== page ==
The new provisions apply to senior management, risk takers, control functions and anyone else whose remuneration falls within the same bracket as senior management and risk takers and whose activities have a material impact on the risk profile of the management company or the UCITS which they manage.

The rules broadly replicate, in almost all respects, those which already apply to managers of AIFs under AIFMD.

The majority of the remuneration rules in respect of UCITS managers are set out in new articles 14a and 14b to the UCITS Directive as amended by UCITS V.  These will be supplemented by guidelines which will be published by ESMA.  In addition, UCITS V amends the Directive by introducing transparency provisions under which disclosure of the remuneration policy of UCITS management companies, and certain details of remuneration paid, must be included in a UCITS’ prospectus, annual report and key investor information. 

The key proposals are:

  • At least half of the individual’s variable remuneration must be paid in the assets of the UCITS, unless the management of the UCITS accounts for less than half of the total portfolio. 
  • In addition to this, it has been agreed that a further 40% of the variable remuneration should be deferred for at least three years (or up to 60% in the case of “particularly high” bonuses).  ESMA will be required to develop guidelines on who these policies will apply to, in addition to fund managers.
  • The variable element should only be paid where it is sustainable in light of the financial situation of the management company as a whole and justified according to the performance of the business unit and the individual concerned.
  • There are also new rules on the remuneration process in management companies, including annual reviews, independent of the staff who set remuneration and that the policy is set in line with the business strategy, objectives and values of the company.
  • The principles relating to remuneration apply equally to performance fees.
  • Firms should apply the rules proportionately to the size and complexity of their business.

Potential issues  and practical implications

  • Whether or not UCITS V will impact on delegates is currently unclear.  Recital (2) of UCITS V states that, ‘remuneration policies and practices should apply... to any third party which takes investment decisions that affect the risk profile of the UCITS because of the functions which have been delegated...’.   This statement is not reflected anywhere within the operative provisions of UCITS V but it is anticipated that ESMA will address the ambiguity surrounding this point when it publishes its guidelines.
  • Firms will need to carry out a gap analysis against the remuneration policies they have in place currently under existing regulatory requirements (AIFMD for example) to see what changes need to be made.  In many cases management companies do not actually have any direct employees so it is potentially unclear how these rules will apply.
  • To the extent that any staff member is to receive remuneration by way of units in the UCITS, firms will need to consider if a new share class will need to be issued and what the terms of that share class should be.  It is clear that staff will not be able to vote on any shareholder resolutions, however, as they will be associated with the manager.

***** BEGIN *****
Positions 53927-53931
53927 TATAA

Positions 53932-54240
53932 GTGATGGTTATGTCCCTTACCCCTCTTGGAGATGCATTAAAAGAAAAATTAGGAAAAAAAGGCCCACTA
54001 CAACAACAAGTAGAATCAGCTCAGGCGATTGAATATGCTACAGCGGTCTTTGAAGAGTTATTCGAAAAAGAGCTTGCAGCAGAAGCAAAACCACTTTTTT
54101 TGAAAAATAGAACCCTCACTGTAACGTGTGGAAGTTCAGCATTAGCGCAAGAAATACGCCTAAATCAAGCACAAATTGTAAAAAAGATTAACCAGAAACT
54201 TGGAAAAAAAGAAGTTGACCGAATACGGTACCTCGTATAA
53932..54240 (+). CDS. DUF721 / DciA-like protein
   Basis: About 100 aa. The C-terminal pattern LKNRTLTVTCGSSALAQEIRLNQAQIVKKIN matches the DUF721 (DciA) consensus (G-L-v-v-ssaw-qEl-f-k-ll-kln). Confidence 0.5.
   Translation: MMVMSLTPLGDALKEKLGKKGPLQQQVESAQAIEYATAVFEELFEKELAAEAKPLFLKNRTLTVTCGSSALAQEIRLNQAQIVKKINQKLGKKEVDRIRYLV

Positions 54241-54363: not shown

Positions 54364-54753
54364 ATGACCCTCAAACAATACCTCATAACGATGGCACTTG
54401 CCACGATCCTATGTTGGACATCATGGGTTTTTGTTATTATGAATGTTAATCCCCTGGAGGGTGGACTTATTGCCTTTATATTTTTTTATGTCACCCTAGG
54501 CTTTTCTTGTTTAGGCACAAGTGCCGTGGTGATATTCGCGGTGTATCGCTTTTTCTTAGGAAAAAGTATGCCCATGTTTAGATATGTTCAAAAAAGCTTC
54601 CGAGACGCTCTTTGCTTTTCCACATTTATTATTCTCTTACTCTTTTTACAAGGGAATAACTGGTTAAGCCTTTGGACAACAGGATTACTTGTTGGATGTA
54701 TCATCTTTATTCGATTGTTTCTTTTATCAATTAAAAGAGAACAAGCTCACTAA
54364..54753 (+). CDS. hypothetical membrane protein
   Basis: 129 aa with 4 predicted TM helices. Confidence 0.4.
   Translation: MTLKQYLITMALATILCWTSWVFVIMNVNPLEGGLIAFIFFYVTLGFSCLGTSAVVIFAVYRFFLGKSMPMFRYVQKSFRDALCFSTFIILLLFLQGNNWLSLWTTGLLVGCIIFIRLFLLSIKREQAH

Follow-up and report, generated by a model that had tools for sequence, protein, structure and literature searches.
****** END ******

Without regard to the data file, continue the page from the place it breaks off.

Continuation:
• Prospectuses, KIIDs and annual reports will need to be amended to include details of the approach to remuneration.

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To tackle the current inconsistent approaches to sanctions within the Member States (levels of fines, criteria and use), harmonised administrative sanctions will be introduced under UCITS V.  Member States will need to implement these changes and the new rules will apply to those who fail to comply with national UCITS authorisation and reporting rules.  For those individuals who breach the rules, the sanctions must include a permanent or temporary ban from fund management, suspension of authorisation, criminal sanctions and a EUR 5 million  fine.  In addition to this, companies could be fined EUR 5 million, 10% of their annual turnover or alternatively at least twice the amount of the benefit gained from the infringement, where this is determinable.    There will also be increased protection for “whistleblowers” who report breaches to ESMA. 

The Commission are adamant that the administration sanctions shall be “effective, proportionate and dissuasive”.  This, it is hoped, combined with the introduction of transparent segregation and additional safeguards, will result in dramatically increased levels of protection for UCITS investors, in a sector which currently controls almost of third of worldwide fund assets.

Practical implications

In the UK the FCA already have many of the powers which the Directive will provide and are using them vigorously against asset managers.  From a UK perspective we do not envisage that there will be too much practical impact from this harmonisation.

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Next steps

It is hoped that the Level 2 regulations and ESMA’s remuneration guidelines will be published early in 2015, followed by, or ideally overlapping with, proposals for local implementation, to allow asset managers and depositaries to put the necessary revised policies and contracts in place for early 2016.

Practical implications

Although Member States have 18 months to transpose the Directive, in light of the many practical implications firms should be starting to work on the proposals now.  Those with Luxembourg UCITS will be aware that the CSSF have implemented rules on UCITS depositaries which pre-empt the UCITS V provisions and which are due to come into effect at the end of December 2015.